In total, calibre L952.1 is comprised of 556 parts, many of which are visible for your viewing pleasure. Each lever has been bevelled, straight grained or polished, while the balance cock has been hand-engraved in the traditional German style. Each screw head, the swan’s neck regulator, the plate over the escape wheel, and the caps of each chronograph wheel column are black polished. Of the 45 jewels used to reduce mechanical friction to a minimum, four are set in screwed gold chatons. The extensive use of untreated German silver, combined with blued screws, makes it all come together to create one of the most beautiful mechanical watch movements currently in production.
Oscillating at 18,000 semi-oscillations per hour, it boasts a shock-resistant balance wheel with eccentric poising weights and a balance spring manufactured in-house, complete with a precision beat-adjustment system with a lateral setscrew and whiplash spring. Power reserve is 36 hours when fully wound, which is not great, but it does give you another reason to spend some time with your beloved timepiece on a daily basis.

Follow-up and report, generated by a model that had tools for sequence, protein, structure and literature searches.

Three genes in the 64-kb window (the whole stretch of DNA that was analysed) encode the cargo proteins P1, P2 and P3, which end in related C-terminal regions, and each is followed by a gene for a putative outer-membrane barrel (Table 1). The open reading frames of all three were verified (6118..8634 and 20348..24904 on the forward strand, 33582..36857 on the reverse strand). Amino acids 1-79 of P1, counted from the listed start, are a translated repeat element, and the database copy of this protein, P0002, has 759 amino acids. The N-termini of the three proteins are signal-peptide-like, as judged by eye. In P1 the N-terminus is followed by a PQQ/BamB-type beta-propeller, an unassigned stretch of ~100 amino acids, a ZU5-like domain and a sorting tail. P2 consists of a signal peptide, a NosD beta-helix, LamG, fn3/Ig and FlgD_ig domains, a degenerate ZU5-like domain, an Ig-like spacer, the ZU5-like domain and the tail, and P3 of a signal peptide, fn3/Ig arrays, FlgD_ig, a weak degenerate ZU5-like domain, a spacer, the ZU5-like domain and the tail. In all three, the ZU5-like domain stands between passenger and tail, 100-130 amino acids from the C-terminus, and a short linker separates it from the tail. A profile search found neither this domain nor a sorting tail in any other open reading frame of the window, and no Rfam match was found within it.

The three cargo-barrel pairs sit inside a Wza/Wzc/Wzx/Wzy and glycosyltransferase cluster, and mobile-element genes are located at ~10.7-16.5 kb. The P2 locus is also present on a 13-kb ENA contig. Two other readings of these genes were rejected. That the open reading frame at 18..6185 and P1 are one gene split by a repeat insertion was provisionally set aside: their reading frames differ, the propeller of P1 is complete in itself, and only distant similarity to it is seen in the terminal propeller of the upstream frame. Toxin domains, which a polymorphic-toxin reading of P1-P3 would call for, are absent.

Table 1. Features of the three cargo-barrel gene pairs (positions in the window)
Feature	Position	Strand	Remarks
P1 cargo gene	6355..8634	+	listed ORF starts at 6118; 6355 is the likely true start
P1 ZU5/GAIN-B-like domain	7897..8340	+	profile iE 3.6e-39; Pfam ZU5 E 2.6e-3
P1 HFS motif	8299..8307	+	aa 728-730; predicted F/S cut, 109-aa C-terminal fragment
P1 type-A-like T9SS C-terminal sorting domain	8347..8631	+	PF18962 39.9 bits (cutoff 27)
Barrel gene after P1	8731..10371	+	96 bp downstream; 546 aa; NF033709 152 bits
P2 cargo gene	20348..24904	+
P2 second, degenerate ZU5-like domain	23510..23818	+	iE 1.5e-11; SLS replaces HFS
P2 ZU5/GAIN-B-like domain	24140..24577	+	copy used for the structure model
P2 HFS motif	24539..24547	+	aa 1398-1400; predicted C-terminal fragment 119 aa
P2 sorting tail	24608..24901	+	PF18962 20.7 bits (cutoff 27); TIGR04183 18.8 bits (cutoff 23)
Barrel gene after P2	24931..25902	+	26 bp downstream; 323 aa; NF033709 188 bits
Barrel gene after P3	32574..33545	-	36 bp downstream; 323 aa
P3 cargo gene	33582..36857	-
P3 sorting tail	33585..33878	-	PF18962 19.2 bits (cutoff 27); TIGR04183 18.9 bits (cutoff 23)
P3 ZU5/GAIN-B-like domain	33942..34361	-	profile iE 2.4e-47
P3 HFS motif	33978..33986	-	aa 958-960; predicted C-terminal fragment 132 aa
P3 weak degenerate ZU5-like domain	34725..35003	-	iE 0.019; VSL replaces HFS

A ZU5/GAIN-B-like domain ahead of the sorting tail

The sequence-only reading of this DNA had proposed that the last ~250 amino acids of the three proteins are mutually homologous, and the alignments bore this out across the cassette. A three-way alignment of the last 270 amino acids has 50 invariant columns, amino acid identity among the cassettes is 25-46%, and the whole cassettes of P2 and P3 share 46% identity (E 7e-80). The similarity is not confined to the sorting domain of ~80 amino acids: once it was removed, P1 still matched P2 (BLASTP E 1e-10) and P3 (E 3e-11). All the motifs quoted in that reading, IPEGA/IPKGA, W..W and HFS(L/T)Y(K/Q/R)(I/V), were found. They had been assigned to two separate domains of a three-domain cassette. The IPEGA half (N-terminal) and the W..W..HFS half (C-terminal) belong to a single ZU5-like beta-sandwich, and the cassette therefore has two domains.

Completing the look is a stylish, hand-stitched black alligator leather strap with a Lange prong buckle in white gold. It works perfectly with the white gold/grey dial combo and allows for the effortless shift between casual and formal. I suspect a brown or tan leather strap would also look quite fetching, but it would almost certainly make the watch look more casual on the wrist. That’s not necessarily a bad thing mind you, but it does cut down on the versatility angle somewhat.
Overall there really is a lot to love about the A. Lange & Söhne Datograph Perpetual. It combines one of the best chronograph movements on the market, with its super smooth pushers and stunning movement architecture, with the added complexity (and practicality) of a perpetual calendar in a way that is neither pretentious nor excessive. In fact, I think our Editor-in-Chief, Frank, summed it up best when he described it as “a sort of uber-Datograph.” Can’t argue with that. Price is EUR 119,000. More details on www.alange-soehne.com.